The 5.6 percent fixed rate would be a good deal, the city figured, if interest rates rose to 8 or 9 percent in good fiscal times. But they didn’t. The market crashed. Interest rates hit the floor. The swap deal soured. Oakland was stuck paying $4 million in annual interest to Goldman Sachs. By that year, the swap had a negative market value of approximately $15.5 million, the city treasurer informed the council in the lead-up to the July hearing. More…
Ten Common Sense Economic Truths
by David Korten
Posted February 22, 2016
The more closely I look, the more obvious it is that the Old Economy fails because it is based on false values, assumptions, and logic. Those who are working to create a New Economy from the bottom-up intuitively recognize and act on 10 common sense truths foundational to a sound economy.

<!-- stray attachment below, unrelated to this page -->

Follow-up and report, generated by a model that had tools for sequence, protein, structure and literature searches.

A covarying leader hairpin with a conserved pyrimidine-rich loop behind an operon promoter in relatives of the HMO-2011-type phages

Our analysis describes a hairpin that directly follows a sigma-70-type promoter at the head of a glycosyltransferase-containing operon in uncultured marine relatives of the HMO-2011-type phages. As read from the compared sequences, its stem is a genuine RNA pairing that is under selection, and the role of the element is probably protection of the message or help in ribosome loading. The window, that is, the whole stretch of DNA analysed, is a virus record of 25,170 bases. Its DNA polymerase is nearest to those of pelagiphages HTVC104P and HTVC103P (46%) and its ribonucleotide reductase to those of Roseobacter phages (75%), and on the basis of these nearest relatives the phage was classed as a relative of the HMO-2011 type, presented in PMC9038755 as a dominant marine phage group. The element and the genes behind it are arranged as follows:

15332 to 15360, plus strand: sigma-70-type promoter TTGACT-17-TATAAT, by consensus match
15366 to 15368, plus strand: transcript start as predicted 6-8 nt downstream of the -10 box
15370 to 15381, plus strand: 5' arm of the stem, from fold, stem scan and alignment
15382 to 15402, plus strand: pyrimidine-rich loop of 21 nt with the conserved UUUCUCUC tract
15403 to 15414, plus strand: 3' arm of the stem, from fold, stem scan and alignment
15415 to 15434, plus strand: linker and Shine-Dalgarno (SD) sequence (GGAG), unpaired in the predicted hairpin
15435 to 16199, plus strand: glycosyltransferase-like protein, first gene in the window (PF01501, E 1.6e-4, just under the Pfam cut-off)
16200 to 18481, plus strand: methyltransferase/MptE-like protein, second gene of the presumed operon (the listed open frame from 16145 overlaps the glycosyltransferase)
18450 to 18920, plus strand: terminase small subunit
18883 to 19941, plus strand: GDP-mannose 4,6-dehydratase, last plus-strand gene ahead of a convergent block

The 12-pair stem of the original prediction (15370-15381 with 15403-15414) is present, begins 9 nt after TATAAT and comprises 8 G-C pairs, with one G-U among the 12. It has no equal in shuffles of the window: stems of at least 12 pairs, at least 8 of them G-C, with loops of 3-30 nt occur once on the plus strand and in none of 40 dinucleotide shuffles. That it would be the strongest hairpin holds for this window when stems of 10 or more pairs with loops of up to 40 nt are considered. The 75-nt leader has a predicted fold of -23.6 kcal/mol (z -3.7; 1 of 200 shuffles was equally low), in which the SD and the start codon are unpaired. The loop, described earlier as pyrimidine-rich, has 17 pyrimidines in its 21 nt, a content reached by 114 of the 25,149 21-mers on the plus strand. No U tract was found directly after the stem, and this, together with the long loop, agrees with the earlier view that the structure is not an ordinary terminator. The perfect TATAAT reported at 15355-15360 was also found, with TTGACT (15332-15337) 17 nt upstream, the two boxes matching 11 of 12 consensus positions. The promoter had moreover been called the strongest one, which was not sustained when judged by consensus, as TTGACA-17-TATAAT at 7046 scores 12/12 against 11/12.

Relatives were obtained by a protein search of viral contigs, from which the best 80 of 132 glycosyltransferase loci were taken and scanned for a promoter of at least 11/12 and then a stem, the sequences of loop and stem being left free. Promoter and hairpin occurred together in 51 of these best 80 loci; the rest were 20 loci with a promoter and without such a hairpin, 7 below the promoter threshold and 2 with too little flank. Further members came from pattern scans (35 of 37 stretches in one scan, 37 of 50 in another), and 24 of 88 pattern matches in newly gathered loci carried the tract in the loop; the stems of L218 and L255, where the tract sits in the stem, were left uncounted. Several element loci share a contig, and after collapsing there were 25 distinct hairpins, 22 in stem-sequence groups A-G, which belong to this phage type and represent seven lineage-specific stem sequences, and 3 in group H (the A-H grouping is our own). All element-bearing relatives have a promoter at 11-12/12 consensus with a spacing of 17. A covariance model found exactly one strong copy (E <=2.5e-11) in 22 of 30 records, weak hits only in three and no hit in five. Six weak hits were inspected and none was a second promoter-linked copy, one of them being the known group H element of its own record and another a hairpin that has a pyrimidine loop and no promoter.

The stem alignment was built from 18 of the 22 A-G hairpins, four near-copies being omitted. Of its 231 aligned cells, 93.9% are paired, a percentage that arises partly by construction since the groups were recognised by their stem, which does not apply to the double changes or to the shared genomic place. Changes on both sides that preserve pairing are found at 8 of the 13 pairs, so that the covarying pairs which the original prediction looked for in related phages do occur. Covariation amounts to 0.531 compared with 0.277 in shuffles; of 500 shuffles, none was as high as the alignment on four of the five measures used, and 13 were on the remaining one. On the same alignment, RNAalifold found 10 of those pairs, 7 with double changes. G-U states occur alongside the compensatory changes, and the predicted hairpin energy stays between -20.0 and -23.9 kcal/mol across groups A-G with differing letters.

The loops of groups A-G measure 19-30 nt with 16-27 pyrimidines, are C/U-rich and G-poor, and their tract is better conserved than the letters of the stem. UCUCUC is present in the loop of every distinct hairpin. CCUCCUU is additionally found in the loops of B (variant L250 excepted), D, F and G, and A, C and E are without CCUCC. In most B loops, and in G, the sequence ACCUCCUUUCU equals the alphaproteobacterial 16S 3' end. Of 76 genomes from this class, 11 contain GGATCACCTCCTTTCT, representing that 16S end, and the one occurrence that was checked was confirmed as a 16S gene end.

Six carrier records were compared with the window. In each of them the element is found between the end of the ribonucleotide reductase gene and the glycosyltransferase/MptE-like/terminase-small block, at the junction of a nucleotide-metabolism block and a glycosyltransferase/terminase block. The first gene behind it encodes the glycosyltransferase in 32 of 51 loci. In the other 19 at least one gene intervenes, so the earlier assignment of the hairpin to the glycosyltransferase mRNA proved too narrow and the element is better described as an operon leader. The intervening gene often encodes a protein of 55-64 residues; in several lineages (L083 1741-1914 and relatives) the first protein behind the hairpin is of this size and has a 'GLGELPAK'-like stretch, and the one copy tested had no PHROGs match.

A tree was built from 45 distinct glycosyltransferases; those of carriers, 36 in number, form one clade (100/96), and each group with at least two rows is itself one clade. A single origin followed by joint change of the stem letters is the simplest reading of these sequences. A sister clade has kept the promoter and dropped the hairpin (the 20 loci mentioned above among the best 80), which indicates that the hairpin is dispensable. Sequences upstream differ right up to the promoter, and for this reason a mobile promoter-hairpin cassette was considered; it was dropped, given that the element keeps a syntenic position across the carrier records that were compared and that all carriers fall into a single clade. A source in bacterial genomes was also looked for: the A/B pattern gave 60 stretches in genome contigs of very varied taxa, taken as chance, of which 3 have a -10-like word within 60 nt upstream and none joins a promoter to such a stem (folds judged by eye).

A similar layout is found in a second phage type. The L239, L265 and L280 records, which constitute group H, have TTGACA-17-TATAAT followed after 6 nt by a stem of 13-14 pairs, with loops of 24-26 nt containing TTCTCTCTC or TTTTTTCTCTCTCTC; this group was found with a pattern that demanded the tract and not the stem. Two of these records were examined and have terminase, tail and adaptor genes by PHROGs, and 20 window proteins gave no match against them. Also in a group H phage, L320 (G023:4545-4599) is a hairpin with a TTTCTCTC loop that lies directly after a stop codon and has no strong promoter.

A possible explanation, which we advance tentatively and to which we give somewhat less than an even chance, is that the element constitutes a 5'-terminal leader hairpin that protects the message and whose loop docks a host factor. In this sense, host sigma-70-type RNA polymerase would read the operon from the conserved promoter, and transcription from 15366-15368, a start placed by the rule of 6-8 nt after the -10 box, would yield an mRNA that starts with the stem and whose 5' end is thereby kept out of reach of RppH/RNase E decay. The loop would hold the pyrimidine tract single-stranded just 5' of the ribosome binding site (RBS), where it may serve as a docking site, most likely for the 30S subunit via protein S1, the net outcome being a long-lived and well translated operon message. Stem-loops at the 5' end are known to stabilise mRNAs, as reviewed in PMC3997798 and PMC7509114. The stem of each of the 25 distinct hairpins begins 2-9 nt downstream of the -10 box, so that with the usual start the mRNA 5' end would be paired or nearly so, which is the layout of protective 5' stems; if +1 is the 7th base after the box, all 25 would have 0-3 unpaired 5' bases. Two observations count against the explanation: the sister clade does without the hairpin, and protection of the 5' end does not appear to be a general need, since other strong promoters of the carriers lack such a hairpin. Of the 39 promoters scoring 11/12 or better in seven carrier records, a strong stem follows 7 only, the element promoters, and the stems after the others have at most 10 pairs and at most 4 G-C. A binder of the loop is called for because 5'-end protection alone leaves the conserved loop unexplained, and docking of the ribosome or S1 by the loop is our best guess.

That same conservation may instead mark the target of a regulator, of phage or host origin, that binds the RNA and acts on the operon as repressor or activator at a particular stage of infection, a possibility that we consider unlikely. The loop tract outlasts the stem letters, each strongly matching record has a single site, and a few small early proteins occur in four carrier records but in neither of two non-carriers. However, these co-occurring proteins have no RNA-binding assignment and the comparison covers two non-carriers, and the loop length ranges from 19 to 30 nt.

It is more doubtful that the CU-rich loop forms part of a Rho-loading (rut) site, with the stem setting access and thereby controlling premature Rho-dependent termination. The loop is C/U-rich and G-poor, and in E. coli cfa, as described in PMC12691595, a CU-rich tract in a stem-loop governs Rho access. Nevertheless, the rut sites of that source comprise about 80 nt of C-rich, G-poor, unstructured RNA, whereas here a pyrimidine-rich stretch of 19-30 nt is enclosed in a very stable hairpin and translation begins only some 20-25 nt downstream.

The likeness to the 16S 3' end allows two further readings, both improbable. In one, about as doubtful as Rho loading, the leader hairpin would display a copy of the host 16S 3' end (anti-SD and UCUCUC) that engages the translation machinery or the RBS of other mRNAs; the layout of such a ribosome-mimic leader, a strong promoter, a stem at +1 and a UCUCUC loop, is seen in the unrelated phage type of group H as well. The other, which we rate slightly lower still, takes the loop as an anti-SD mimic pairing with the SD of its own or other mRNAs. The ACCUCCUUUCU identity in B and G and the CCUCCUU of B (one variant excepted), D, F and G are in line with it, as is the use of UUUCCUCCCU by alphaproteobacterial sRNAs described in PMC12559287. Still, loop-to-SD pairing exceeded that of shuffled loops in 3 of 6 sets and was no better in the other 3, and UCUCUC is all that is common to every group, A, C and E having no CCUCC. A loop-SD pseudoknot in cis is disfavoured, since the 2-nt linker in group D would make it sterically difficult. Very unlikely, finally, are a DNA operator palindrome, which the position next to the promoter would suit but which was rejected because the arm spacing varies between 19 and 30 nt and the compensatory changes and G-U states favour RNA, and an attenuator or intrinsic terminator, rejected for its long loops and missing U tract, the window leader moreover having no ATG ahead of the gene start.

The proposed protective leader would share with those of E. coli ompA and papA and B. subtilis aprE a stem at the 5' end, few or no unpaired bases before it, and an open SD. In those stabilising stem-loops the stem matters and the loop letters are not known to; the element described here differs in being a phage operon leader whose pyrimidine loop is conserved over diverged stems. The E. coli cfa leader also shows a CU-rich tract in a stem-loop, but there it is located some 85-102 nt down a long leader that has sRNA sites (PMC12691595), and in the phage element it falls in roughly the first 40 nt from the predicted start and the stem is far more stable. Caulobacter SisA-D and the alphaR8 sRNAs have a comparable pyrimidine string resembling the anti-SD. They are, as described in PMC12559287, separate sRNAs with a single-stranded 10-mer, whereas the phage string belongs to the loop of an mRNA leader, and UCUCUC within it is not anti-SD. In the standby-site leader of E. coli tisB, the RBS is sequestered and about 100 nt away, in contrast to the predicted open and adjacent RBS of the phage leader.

A proper money system roots the power to create and allocate money in people and communities in order to facilitate the creation of livelihoods and ecologically balanced community wealth. Money properly serves life, not the reverse. Wall Street uses money to consolidate its power to expropriate the real wealth of the rest of the society. Main Street uses money to connect underutilized resources with unmet needs. Public policy properly favors Main Street. More…
When Cash Is Outlawed… Only Outlaws Will Have Cash
by Bill Bonner
Posted February 20, 2016
Harvard economist Larry Summers is a reliable source of claptrap. And a frequent spokesman for the Deep State. “It’s time to kill the $100 bill,” he wrote in the Washington Post.
And now, Mr. Summers wants us to bring our cash to the town square. Instead of $100 bills, he wants to force us to use electronic notations faithfully recorded in a federally regulated bank. Have you ever seen one of these “electronic dollars,” dear reader?